The latest corona measures were announced in Germany last week, and among the expected shop closures and a much-discussed curb on public Glühwein consumption came an extra surprise – there is a Christmas exception to the current social distancing rules, but it only applies to “close families”. Currently, all gatherings are limited to groups of five people from a maximum of two households, and over Christmas “close families” will be able to meet in groups of five people from any number of households. It was explicitly written into the resolution that close family means “spouses, life partners and partners living in a non-marital life-partnership as well as relatives in a direct line, siblings, children of siblings, and members of their households.”
Did the German government really just decree what close family means, in an enforceable set of measures?
The first obvious consequence of this is the disadvantage for people who cannot or have chosen not to be with their biological families over Christmas, for whatever reason – they no longer have contact with their families, their biological relatives are no longer living, or they’ve simply decided not to risk the flight or train ride this year. This plays out along clearly discriminatory lines and disproportionately affects already marginalized groups – refugees who for myriad reasons cannot see their biological families, the queer community who has a long history of building their own chosen families, immigrants who live far from their blood relatives.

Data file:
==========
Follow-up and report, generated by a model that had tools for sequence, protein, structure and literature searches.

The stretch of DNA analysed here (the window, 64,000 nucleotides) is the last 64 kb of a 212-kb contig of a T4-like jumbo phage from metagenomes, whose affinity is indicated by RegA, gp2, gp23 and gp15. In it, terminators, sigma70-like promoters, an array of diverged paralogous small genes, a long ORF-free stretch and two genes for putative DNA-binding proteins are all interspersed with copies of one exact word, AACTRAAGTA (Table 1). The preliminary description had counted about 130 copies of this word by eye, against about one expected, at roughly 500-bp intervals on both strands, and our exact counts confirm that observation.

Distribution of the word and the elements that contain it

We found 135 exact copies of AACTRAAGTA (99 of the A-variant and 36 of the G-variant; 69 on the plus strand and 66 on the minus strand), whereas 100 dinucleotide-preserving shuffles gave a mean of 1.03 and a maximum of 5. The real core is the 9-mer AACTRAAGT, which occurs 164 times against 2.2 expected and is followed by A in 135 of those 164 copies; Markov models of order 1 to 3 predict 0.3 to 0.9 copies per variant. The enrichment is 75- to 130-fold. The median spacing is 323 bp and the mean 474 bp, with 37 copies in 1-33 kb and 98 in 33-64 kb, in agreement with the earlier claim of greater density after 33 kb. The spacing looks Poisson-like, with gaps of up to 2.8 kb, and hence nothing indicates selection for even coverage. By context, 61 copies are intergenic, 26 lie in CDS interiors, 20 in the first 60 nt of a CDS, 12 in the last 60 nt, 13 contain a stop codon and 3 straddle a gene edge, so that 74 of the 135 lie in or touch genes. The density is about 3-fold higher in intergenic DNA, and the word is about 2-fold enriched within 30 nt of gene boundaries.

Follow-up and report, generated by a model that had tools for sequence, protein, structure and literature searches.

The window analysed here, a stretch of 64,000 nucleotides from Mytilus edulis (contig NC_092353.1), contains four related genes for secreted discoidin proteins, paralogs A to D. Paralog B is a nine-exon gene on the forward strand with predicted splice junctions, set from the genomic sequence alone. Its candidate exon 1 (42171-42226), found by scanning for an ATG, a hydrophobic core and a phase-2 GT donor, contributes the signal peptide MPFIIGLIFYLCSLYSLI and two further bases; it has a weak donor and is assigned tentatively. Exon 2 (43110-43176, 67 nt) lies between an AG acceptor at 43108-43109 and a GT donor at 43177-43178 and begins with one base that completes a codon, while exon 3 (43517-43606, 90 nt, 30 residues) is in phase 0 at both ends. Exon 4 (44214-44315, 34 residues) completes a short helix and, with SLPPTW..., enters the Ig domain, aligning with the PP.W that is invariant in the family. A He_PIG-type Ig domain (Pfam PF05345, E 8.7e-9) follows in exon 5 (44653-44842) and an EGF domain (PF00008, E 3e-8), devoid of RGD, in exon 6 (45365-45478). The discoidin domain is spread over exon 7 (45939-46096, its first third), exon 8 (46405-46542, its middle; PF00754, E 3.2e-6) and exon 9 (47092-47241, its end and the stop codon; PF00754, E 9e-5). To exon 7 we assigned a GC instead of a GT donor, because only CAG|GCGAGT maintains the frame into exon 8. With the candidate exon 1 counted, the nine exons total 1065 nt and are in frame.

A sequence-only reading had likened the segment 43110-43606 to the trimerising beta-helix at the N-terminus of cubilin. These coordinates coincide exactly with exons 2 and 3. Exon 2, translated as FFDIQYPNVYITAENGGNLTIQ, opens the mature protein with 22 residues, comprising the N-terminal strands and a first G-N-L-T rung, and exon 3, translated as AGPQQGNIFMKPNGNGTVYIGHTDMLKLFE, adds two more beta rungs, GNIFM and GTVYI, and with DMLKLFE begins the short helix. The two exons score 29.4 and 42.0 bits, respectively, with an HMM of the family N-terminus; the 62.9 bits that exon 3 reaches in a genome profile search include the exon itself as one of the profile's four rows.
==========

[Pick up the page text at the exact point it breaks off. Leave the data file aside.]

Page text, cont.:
And of course people from other religious groups haven’t been offered the same chance to celebrate the holidays that are holy to them – anyone, family or not, who wanted to celebrate Hanukkah or Eid in groups larger than otherwise allowed this year was out of luck.
This exception to the current rules will affect everyone in Germany – think of the increased corona numbers resulting from all those family gatherings – and yet only certain already privileged people can benefit from it.
Beyond these immediate practical consequences lies the scandal of the government silently sneaking this outdated, exclusionary definition of family past everyone with little to no pushback. This acts as an ideological and indeed legal invalidation of lifestyles outside of the norm and of people who define family in any way that is not nuclear, biological family. It erases and excludes people who have chosen to find love, support, and community outside of their biological family and people who have been forced by their life circumstances to redefine or rebuild family in other terms – this, again, largely encompassing groups of already marginalized people such as the queer community and refugees.
An inclusive alternative would have been very simple: an instruction to keep the holidays small this year and meet only the people who are dearest to you, no mention of blood relation or definition of family necessary. And indeed this is what Berlin and Brandenburg have done, as the only two out of sixteen states to allow people from various households to meet over the holidays, no genetic questions asked.
So where is the outrage? Or even the acknowledgement? In media outlet after media outlet, this decision was reported on without further comment. Even on more leftist platforms the issue has gone largely without remark. Perhaps we’re all just very conscious of not wanting to come across like corona skeptics or Querdenker. But this isn’t about saying the measures aren’t justified – they are justified and in fact should probably be stronger. Instead, it’s about pointing out what’s become increasingly obvious over the autumn: There is a very specific set of values being prioritized in each set of new corona measures, and if you find yourself at all outside the norm it’s likely not working with you in mind.